In case readers are wondering, and in the hope that they care, the author has been outside of Tokyo since election day.
Regular posting will resume on June 30, Amaterasu willing and a typhoon don't arise.
Climbing the value chain
11 hours ago
Japan PM Facebook Foray Draws Allies, Arguments(Link)
In the year since he opened his Facebook account, Japanese Prime Minister Shinzo Abe has embraced the social media site in a way that's unlike any of his predecessors, praising it as a direct channel to the public...
In a newspaper interview, Hitoshi Tanaka, an ex-diplomat who played a crucial role in the negotiations between Tokyo and Pyongyang over the return in 2002 of five Japanese nationals abducted by North Korea in the 1970s, voiced his concern that the prime minister’s recent comments on wartime history and his push to revise the constitution were being perceived as Japan's "rightward tilt" by the international community.
Mr. Abe went on the offensive on his Facebook page, reminding his nearly 367,000 "followers" and some 4,800 "friends" that Mr. Tanaka claimed 11 years ago that the abductees should be eventually returned to North Korea as initially agreed to with Pyongyang. Mr. Abe called Mr. Tanaka's decision then "a decisive mistake for a diplomat," dismissing him as "unqualified to speak about diplomacy."
Other lawmakers weighed in on the row. Economy Minister Akira Amari tried to downplay the round of name-calling, explaining this week that the 58-year-old prime minister is a "hot-blooded youth" whose endless duties have left him high-strung.Amari, who has been gaffe-central in the Abe Cabinet through his inexplicable desire to tell the truth behind the fictions (Link) may have finally talked himself out of a job, post-House of Councillors election, with this last unhelpful "explanation."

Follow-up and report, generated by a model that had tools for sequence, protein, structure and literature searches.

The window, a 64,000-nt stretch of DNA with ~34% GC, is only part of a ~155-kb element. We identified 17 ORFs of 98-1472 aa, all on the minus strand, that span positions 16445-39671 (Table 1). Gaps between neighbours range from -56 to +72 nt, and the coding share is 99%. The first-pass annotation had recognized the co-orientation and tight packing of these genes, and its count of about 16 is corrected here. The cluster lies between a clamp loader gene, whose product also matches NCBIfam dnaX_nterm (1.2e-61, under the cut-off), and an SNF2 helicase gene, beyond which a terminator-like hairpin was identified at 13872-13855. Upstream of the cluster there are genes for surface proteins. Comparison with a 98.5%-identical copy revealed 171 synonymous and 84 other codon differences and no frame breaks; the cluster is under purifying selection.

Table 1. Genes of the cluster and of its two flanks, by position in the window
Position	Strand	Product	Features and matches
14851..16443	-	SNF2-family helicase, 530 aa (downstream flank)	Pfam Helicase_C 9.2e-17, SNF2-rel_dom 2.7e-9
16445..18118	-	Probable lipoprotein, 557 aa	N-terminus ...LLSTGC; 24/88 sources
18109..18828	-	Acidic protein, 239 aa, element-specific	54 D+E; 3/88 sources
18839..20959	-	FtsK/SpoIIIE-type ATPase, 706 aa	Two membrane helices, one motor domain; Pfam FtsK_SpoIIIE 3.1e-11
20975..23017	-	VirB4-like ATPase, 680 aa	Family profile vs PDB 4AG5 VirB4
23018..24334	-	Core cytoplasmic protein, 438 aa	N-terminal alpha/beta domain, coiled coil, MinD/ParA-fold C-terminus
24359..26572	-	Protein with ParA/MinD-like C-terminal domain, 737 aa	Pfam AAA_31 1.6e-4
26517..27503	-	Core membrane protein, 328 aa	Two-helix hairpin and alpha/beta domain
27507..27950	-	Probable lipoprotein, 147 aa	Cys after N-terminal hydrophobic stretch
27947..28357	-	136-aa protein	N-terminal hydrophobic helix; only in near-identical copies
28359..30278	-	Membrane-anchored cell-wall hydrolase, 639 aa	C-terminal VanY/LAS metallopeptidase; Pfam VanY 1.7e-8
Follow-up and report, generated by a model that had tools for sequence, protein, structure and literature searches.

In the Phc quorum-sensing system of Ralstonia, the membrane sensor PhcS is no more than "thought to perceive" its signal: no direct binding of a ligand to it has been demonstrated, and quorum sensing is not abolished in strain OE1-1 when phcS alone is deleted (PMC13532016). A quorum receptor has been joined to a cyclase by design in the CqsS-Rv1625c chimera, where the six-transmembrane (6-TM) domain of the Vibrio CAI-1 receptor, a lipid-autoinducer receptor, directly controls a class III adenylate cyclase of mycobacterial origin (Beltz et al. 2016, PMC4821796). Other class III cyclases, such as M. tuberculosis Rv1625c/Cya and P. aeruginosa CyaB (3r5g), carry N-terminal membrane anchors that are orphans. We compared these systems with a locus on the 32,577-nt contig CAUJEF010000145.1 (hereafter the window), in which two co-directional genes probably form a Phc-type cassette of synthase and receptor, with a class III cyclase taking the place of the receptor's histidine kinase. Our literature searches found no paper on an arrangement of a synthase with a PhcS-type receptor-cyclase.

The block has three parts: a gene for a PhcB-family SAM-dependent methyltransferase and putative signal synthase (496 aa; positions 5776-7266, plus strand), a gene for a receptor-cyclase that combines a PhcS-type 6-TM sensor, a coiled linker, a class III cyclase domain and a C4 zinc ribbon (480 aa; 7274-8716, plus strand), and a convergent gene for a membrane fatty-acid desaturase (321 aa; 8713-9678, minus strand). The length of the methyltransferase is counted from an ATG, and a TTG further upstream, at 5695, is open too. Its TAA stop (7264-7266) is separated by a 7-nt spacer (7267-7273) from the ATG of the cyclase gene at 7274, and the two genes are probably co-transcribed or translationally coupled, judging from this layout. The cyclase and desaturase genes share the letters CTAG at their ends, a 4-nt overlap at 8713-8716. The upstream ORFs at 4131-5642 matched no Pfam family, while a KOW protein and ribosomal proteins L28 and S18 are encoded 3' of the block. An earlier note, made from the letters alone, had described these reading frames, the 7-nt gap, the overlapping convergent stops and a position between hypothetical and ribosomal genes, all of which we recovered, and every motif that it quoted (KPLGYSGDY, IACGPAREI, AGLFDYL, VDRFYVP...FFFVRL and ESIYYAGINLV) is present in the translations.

All four engines on new reconnaissance plane stalled during test flight(Link)
All four engines on a new reconnaissance plane stalled during a test flight earlier this year, it has been learned from a ministry source.
When the incident was announced by the Ministry of Defense at a press conference on June 20, a ministry official discussing the P1 plane engine failure had said, "We can only say that multiple engines stopped." Later, in an interview with the Mainichi Shimbun, it was learned that the ministry had not yet told municipalities near the base that the failure had affected all four engines.
According to the ministry's aircraft department, the engine failure took place on May 13 off the coast of Aichi Prefecture, after pilots from the plane's manufacturer, Kawasaki Heavy Industries, descended the plane from an altitude of 10,000 meters to around 8,000, and then regained flight posture while quickly lowering engine output. The maneuver was done to test an alarm on the plane for excessive speed. The crew was able to manually restart the engines, and execute a safe landing.
One senior Defense Ministry official said of the engine trouble, "We were prepared for it and it is not dangerous." However, another senior official noted, "The P1 is a purely domestically-made and developed aircraft," adding, "The ministry was probably worried that the damage (to the project's public image) would be great."